I have been experiencing some pretty intense anxiety since last summer. I had never truly understood what people meant by “panic attack” until I found myself short of breath, chest tight and unable to sleep one night. While the past few months have demonstrated that my anxiety seems to be here to stay, I have learned to manage the most extreme symptoms via self-care. Specifically, reading and deep breathing have been really helpful in slowing my heart rate. And also, hugging (read: squeezing) my sweet dog Nitro to my chest.
However, recently I have had two episodes of insomnia related to my anxiety. Each case was different. The first night, I woke up at 3:30 a.m. on a Saturday morning and was unable to return to sleep. I was bummed, but I didn’t fight it. I grabbed a book from my nightstand and began reading, hoping that I would drift back to sleep and wake up in a few hours to find the book lying on my chest. This wasn’t the case. At 6:30, I decided to give up on sleep and got up for the day.
But less than a week later, I was plagued by insomnia again. It was much worse. I was in bed reading by 9:00, in preparation for sleep. But I ended up watching the time pass from 9:00 until 3:30 in the morning. I finally dozed off at some point between 3:30 and 6, but I woke up panicked at 6:07 a.m. I text my best friend/neighbor and asked that he come over and let Nitro outside for me, as I was still in bed. He kindly did so, and upon completion came upstairs to my bedroom and said, “Rache, what’s up?” In response, I simply burst into tears.
Through violent sobs, I told him I had been up all night. I explained that I couldn’t lower my heart rate enough to sleep and that all night, I could feel my entire body pulsing. When he asked me what I was thinking about while trying to go to sleep, I didn’t have a response. Nothing. And I honestly can’t emphasize this enough to anyone out there who is trying to understand generalized anxiety. I don’t have an explanation. It is not as though I am troubled by one specific aspect or problem in my life. I’m not all consumed by a singular worry. I just know that for whatever reason, my chest feels perpetually heavy. As much as I dislike admitting it, it is like a fear of the unknown.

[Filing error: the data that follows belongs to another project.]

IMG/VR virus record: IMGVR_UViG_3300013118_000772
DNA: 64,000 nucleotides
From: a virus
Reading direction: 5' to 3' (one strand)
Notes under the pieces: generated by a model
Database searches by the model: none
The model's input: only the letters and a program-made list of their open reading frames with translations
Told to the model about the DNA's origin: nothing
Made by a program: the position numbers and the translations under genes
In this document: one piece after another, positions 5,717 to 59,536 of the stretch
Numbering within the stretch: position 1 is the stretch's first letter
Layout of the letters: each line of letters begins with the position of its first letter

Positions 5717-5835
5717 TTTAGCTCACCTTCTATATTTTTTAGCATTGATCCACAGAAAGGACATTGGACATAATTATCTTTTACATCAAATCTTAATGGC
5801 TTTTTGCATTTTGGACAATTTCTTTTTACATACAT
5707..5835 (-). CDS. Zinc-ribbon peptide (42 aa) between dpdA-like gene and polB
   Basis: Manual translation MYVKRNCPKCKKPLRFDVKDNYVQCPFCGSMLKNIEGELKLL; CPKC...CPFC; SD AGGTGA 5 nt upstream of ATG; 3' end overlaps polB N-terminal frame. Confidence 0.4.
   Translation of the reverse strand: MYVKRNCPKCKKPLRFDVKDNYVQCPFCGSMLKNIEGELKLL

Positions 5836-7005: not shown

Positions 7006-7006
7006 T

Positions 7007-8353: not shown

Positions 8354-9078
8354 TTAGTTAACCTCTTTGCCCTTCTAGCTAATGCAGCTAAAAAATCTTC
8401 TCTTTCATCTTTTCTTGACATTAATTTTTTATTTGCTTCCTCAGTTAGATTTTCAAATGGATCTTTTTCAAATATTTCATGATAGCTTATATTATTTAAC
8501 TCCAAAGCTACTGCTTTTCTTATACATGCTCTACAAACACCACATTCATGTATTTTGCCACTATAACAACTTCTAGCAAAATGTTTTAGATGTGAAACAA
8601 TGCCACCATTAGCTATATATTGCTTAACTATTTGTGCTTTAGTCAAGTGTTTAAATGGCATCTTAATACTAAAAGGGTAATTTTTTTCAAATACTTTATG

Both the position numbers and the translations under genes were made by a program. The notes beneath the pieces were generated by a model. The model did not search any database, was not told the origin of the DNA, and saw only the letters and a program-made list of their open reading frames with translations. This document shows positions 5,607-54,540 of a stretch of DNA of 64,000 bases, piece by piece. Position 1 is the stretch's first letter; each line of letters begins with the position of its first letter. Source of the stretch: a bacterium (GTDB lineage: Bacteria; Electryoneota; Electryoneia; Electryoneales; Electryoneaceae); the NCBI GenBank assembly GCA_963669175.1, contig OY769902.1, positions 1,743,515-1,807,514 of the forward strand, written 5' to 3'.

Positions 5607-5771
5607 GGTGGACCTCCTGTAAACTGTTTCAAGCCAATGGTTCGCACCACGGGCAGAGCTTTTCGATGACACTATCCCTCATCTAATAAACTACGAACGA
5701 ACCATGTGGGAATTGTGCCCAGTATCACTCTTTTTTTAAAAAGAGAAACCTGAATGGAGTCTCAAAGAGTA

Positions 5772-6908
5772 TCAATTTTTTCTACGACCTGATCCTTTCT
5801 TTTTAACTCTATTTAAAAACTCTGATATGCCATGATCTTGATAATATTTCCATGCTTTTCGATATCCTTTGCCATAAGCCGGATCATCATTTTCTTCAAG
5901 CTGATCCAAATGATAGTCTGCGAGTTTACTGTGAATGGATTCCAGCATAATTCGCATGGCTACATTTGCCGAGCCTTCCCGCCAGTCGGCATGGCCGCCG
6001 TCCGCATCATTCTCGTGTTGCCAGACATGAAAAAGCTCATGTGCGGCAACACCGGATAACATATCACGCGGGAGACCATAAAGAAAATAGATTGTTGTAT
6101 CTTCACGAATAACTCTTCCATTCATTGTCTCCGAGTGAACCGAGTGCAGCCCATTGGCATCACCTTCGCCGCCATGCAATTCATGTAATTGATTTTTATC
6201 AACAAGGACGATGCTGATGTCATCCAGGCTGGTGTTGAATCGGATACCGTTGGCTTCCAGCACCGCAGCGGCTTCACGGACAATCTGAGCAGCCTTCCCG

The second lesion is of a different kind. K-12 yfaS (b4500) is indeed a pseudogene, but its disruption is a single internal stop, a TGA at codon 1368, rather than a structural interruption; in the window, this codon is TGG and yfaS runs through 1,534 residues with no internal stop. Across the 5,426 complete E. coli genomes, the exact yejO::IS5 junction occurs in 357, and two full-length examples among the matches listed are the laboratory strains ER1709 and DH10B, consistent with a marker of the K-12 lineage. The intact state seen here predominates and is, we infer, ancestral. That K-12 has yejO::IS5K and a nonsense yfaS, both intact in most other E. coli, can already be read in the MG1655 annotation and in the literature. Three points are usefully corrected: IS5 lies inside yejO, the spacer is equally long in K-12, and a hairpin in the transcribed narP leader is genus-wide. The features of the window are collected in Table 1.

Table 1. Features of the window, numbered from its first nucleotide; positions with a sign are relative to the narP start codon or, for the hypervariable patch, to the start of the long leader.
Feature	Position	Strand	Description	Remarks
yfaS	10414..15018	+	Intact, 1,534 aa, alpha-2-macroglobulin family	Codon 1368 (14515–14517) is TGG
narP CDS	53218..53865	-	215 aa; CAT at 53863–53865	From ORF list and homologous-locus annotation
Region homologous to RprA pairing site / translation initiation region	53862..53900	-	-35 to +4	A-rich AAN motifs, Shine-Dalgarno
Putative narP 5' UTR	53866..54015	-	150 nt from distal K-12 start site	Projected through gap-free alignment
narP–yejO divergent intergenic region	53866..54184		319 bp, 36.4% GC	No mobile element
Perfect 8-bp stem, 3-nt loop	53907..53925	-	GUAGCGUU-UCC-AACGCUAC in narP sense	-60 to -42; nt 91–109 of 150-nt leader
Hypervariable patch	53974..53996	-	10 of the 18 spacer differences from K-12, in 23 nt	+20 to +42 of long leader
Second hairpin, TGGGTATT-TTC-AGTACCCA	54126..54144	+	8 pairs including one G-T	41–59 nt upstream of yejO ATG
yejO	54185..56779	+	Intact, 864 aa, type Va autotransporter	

I am several weeks removed from these rough nights and I have been actively pursuing relief, sans expensive supplements and prescription medications. I am pleased to report I am making real progress! Here are three, free life-hacks to help alleviate anxiety-induced insomnia.
Despite the bitter cold and dreary weather, I spend as much time at the off-leash dog park as possible. I drudge through slushy wet hiking trails. I am filled with joy, watching my sweet animal happily explore the snowy terrain.
Exercise was already a central part of my life, but increasing it has proven beneficial. Shoot for 10,000 steps a day. Yes, even on work days. This may mean walking over your lunch hour, or getting a tread mill desk. (Bring a change of shoes if you don’t walk comfortably in your heels!) Personally, I walk during my lunch hour and then again in the evenings with Nitro. It’s worth it, whatever it takes. I am eager for springtime so that I can safely run outdoors. And of course, I make time for yoga classes. If your fitness watch is giving you anxiety, try turning your notifications off and only allow yourself to check your step count/heart rate after exercise sessions.
For me, being anxious means living in constant anticipation (fear?) of what is yet to come. I realized that I was more concerned with being prepared for “what’s next” than enjoying my life! Mundane, every day tasks can actually be quite enjoyable if we allow ourselves to live in the moment. Try showering in reverse order. Shave your neglected legs. Take your time moisturizing and dressing. Put on some of your favorite music and cook a nutritious meal. Take small bites and chew thoroughly. If you have a companion animal, really tune in the next time you touch them. Immerse yourself in the texture and smell of their fur. Modern life is insanely busy. Set an intention to be present. Allow yourself to fully experience the task at hand. Take your time and enjoy. We deserve it.
In the past I had always thought meditation was “thinking about nothing.” I have come to understand it’s more like the opposite of that. Let your mind take you where it needs to go. Personally, I like to meditate first thing in the morning. I like to keep my bedroom dark during meditation as it helps keep me from feeling distracted or rushed. I just set a timer on my phone, but if you find you need more structure there are countless free apps like “Calm” and “Headspace: Meditation & Sleep,” to name a couple. If you are intimidated, as I certainly was, start small. I started with 5 minutes a day. After a week I was feeling like I wanted more, so I increased it by a couple minutes. Let it be natural.
These changes have proven incredibly helpful. Like most things, the pursuit of alleviating anxiety is a process, not an end. But I haven’t had insomnia since that last night, so I aim to continue incorporating these practices into my life.
Have you ever had anxiety-induced insomnia? How did you find relief?
Photo: Samantha Gades via Unsplash and R. Coker